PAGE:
Fritatta

A frittata is an excellent way to boost the nutrition of already nutritious eggs.

EGGS! When I was small, I went out to the chicken coop and got the eggs from under a hen. Now we don’t have that luxury we used to call a chore. We must drive to the store and choose what KIND of egg we want. Conventionally laid eggs are laid by chickens who are crammed into a cage and can’t do anything but peck at each other, eat and drink out of a single trough, and lay eggs. Then we have cage free eggs. The hens live in a barn and sometimes get outside to an enclosed run. Then we have pastured or free-range eggs. These are laid by hens that get to go outside all day and eat good stuff like grass and bugs and some nice grain.

First, we need to remember that eggs are a wonderful food. All kinds, no matter how they are raised, have vitamins D, E, and A plus Omega 3 and probably more things we don’t even know about yet. 

In my experiment taste-testing eggs here in the county, I really found a difference in flavor. Nothing beats a farm fresh, organic free-range egg. Nothing. My next choice at the grocery store is a certified organic egg. I choose the label that states it was certified by OTCO and raised in the Willamette Valley here in Oregon. OTCO stands for certified by Oregon Tilth Certified Organic. They are a guarantee beyond reproach you are buying a researched organic product. They are detectives turned loose on their certified farmers and worry them to death about every little thing.  I would rather spend my extra dollars on “locally grown” if it means grown in this county and not in the entire West including Mexico. I’m just sayin’.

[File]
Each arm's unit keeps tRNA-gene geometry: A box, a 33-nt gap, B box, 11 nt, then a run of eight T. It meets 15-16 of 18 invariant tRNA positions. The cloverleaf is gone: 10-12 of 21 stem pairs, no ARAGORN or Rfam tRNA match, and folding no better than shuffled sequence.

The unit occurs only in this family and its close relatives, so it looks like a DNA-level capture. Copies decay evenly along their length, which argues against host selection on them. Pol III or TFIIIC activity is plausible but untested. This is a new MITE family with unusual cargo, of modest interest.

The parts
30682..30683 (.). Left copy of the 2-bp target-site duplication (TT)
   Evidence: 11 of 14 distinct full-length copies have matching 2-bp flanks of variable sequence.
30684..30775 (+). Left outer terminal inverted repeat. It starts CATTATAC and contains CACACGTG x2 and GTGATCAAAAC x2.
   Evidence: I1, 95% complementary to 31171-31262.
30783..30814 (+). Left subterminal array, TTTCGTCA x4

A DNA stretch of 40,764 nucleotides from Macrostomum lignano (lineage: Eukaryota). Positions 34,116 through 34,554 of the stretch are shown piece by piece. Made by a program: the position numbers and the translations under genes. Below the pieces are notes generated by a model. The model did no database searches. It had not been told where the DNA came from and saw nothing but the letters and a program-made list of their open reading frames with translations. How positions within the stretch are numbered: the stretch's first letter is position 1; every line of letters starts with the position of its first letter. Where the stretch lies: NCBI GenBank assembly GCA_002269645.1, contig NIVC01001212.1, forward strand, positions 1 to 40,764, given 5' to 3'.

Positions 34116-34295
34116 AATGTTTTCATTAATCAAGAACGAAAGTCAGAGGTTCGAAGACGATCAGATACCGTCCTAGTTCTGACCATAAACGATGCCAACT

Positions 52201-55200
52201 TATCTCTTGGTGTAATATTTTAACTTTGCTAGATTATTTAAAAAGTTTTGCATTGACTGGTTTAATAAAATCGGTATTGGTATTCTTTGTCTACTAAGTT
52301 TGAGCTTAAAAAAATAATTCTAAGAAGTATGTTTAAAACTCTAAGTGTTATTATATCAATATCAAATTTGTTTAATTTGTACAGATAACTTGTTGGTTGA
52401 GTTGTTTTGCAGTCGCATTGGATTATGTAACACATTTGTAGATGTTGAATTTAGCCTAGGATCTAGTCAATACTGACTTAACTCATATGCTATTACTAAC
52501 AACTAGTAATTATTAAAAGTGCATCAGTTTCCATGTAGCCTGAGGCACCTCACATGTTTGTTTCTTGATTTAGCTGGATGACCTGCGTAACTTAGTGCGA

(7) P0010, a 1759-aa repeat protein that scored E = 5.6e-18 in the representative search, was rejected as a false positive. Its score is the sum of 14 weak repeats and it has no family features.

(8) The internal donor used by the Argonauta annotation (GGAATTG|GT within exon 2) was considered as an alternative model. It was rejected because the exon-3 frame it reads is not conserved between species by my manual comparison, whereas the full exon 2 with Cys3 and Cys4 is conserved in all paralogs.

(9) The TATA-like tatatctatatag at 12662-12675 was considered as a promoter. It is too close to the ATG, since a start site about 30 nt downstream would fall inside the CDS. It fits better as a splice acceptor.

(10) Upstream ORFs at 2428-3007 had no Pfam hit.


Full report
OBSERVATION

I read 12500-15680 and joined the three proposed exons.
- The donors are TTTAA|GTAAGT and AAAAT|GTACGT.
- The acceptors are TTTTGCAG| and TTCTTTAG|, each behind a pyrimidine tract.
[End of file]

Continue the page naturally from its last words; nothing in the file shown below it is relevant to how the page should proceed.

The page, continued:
Next, we come to “natural” eggs. Save your dollars. Natural can mean anything unless it has a description of what they mean by natural. Hens naturally lay eggs. Go back to the conventional eggs. They are naturally raised also and less expensive. The cage free, free run, and pastured eggs are nice, and all contain, according to lab tests, more vitamins and omega 3 than conventionally laid eggs.

So how much you spend on your eggs depends upon your budget, eating habits and how much you care about the chickens who lay the eggs. 

FRITTATA

MUSHROOM, LEEK OR ONION AND SPINACH

Prepare two skillets of equal size by heating both with 2 tablespoons of extra-virgin olive oil. Keep one skillet warm while cooking the eggs in the other skillet.

In a bowl, beat 6 eggs, lightly. Stir in 1 tablespoon whole milk or full-fat coconut milk, 3/4 teaspoon dried thyme, 1/2 teaspoon sea salt, and 3/4 teaspoon red pepper flakes. Set aside. Put olive oil in a skillet warmed over medium heat. Add 1-3/4 cups sliced fresh mushrooms and chopped yellow onion or leeks. Cook while stirring for about 5 to 8 minutes. Add a 6 oz bag of baby spinach, roughly chopped, 1 clove of minced garlic and cook, stirring frequently, for about 30 seconds or until the spinach is wilted. Add the egg mixture into the skillet and cook over medium heat until the eggs are set on the bottom and the eggs on top are still moist. Loosen the eggs around the edges and place the second warm skillet over the cooking eggs, like a lid. Turn the pan over so that the second skillet is now the pan that is cooking the eggs. Remove the top skillet. Cook until the eggs are set and top with the green onions. Cut into wedges and serve directly from the warm pan.

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